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Titolo:
A two-phase model of B-cell activation
Autore:
Baumgarth, N;
Indirizzi:
Stanford Univ, Sch Med, Dept Genet, Beckman Ctr B007, Stanford, CA 94305 USA Stanford Univ Stanford CA USA 94305 kman Ctr B007, Stanford, CA 94305 USA
Titolo Testata:
IMMUNOLOGICAL REVIEWS
, volume: 176, anno: 2000,
pagine: 171 - 180
SICI:
0105-2896(200008)176:<171:ATMOBA>2.0.ZU;2-M
Fonte:
ISI
Lingua:
ENG
Soggetto:
INDEPENDENT TYPE-2 ANTIGENS; PRIMARY IMMUNE-RESPONSE; ANTIBODY-FORMING-CELLS; T-DEPENDENT ANTIGEN; NATURAL AUTOANTIBODIES; RESPIRATORY-TRACT; HUMORAL IMMUNITY; INFLUENZA-VIRUS; DENDRITIC CELLS; MARGINAL ZONE;
Tipo documento:
Review
Natura:
Periodico
Settore Disciplinare:
Life Sciences
Citazioni:
58
Recensione:
Indirizzi per estratti:
Indirizzo: Baumgarth, N Stanford Univ, Sch Med, Dept Genet, Beckman Ctr B007, Stanford, CA 94305 USA Stanford Univ Stanford CA USA 94305 , Stanford, CA 94305 USA
Citazione:
N. Baumgarth, "A two-phase model of B-cell activation", IMMUNOL REV, 176, 2000, pp. 171-180

Abstract

The current paradigm of lymphocyte activation, the two-signal model, has developed from the premise that recognition of antigen alone is insufficientto stimulate naive B cells, as this could potentially induce autoreactive responses, and that cognate T-B interaction is necessary to induce a full B-cell response. Recent evidence suggests, however, that T-cell-independent B-cell activation is part of the humoral immune response to pathogens, and therefore that antigen alone, or antigen plus signals provided by cells other than T cells, can provide all the necessary signals to induce a B-cell response. Furthermore, the presence of secreted IgM produced either as natural antibodies by CD5(+) B-l cells or as antigen-induced IgM by conventional(B-2) cells was shown to affect the kinetics and magnitude of the IgG response significantly. These data and the observed rapid kinetics of in vivo humoral responses seem at odds with a model that predicts that full B-cell activation and expansion is delayed until sufficient T-cell help is generated. I will therefore argue here that, in response to an infection, initial clonal B-cell expansion and secretion of IgM occurs in a T-cell-independent fashion (phase I) driven by the presence of antigen, and that secreted IgM serves as an autocrine growth Factor at this time. B-cell-T-cell interaction occurs only during phase II of the response, thereby initiating the germinal center reaction, isotype switching and memory B-cell development. Hence, this model provides an explanation of how B-cell responses are induced rapidly in vivo at a time when T-cell help is rare.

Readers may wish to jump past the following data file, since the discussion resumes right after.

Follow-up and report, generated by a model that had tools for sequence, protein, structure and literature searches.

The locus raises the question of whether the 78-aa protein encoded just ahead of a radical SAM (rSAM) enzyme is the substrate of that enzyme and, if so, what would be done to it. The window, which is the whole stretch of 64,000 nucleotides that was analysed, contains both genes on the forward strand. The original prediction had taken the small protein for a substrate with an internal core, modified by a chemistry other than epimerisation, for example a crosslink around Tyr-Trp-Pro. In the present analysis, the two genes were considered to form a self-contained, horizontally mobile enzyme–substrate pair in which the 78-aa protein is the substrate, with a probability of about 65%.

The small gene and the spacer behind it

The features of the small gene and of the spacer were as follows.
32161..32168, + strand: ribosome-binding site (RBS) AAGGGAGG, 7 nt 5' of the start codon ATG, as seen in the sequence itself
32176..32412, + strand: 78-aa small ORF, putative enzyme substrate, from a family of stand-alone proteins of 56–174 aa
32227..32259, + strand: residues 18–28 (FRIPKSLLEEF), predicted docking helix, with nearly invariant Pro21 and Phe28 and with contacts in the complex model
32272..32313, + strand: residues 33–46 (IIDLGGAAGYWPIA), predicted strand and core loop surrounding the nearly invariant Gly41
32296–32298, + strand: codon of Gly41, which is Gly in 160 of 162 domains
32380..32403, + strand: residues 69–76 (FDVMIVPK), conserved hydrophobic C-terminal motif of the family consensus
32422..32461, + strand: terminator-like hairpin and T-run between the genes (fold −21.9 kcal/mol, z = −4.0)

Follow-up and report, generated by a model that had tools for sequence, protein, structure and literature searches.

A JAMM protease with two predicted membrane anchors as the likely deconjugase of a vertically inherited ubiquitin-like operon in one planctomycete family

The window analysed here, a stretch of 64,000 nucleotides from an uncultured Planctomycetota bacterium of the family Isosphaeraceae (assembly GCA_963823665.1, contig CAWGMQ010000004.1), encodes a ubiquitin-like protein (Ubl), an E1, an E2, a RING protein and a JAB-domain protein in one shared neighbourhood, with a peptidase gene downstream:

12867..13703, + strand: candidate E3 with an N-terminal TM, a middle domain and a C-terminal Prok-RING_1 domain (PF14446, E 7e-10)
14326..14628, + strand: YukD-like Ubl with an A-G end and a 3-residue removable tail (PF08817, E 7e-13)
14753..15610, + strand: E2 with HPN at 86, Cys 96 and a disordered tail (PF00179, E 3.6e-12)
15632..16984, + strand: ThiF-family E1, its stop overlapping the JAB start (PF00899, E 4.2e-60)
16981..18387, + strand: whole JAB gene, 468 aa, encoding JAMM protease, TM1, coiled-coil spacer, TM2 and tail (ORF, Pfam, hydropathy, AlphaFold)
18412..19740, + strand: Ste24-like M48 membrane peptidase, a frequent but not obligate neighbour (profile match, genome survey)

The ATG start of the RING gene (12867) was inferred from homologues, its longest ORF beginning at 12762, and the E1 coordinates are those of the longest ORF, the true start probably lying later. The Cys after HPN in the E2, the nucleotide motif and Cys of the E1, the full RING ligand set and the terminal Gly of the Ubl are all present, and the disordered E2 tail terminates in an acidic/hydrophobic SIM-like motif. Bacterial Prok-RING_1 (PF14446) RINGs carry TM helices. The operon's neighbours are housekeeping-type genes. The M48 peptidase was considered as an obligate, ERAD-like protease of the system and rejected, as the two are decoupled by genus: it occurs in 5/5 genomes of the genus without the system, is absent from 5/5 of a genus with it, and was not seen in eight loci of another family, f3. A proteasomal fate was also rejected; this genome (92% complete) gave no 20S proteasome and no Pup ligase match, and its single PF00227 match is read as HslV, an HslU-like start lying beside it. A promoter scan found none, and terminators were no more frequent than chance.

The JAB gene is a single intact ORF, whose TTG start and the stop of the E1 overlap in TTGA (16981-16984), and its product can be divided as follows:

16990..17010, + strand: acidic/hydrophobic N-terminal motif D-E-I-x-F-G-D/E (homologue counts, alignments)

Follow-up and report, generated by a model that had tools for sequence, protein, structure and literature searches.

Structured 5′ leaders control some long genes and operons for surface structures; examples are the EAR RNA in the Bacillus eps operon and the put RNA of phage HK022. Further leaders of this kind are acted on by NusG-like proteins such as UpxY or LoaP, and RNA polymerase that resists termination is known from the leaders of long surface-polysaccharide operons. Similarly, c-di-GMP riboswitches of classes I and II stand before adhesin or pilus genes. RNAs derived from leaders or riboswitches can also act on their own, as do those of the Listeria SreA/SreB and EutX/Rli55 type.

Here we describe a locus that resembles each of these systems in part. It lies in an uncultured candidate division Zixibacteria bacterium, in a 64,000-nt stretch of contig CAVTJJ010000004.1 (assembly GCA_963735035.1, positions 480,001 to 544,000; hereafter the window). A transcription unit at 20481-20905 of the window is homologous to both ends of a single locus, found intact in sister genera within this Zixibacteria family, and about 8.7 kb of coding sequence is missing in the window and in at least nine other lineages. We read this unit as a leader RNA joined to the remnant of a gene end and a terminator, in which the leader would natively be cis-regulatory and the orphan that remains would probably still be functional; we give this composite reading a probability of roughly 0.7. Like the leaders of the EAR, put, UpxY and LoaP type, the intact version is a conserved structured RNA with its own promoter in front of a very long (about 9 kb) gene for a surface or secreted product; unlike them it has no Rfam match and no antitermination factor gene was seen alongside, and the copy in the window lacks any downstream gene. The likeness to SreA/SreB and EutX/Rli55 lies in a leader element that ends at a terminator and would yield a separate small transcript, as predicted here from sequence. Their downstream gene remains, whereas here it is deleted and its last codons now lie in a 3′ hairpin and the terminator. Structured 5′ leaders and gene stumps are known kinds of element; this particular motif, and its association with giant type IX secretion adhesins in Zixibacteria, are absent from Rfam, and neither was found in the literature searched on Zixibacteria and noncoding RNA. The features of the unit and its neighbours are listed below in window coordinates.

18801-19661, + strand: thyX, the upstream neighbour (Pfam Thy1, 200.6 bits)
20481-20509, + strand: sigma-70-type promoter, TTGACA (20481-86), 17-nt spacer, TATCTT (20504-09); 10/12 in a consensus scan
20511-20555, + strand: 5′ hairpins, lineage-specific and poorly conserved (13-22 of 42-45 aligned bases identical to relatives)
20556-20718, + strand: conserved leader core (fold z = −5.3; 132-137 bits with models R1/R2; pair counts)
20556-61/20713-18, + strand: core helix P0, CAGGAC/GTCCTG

ASDD Area Sistemi Dipartimentali e Documentali, Università di Bologna, Catalogo delle riviste ed altri periodici
Documento generato il 30/11/20 alle ore 17:06:17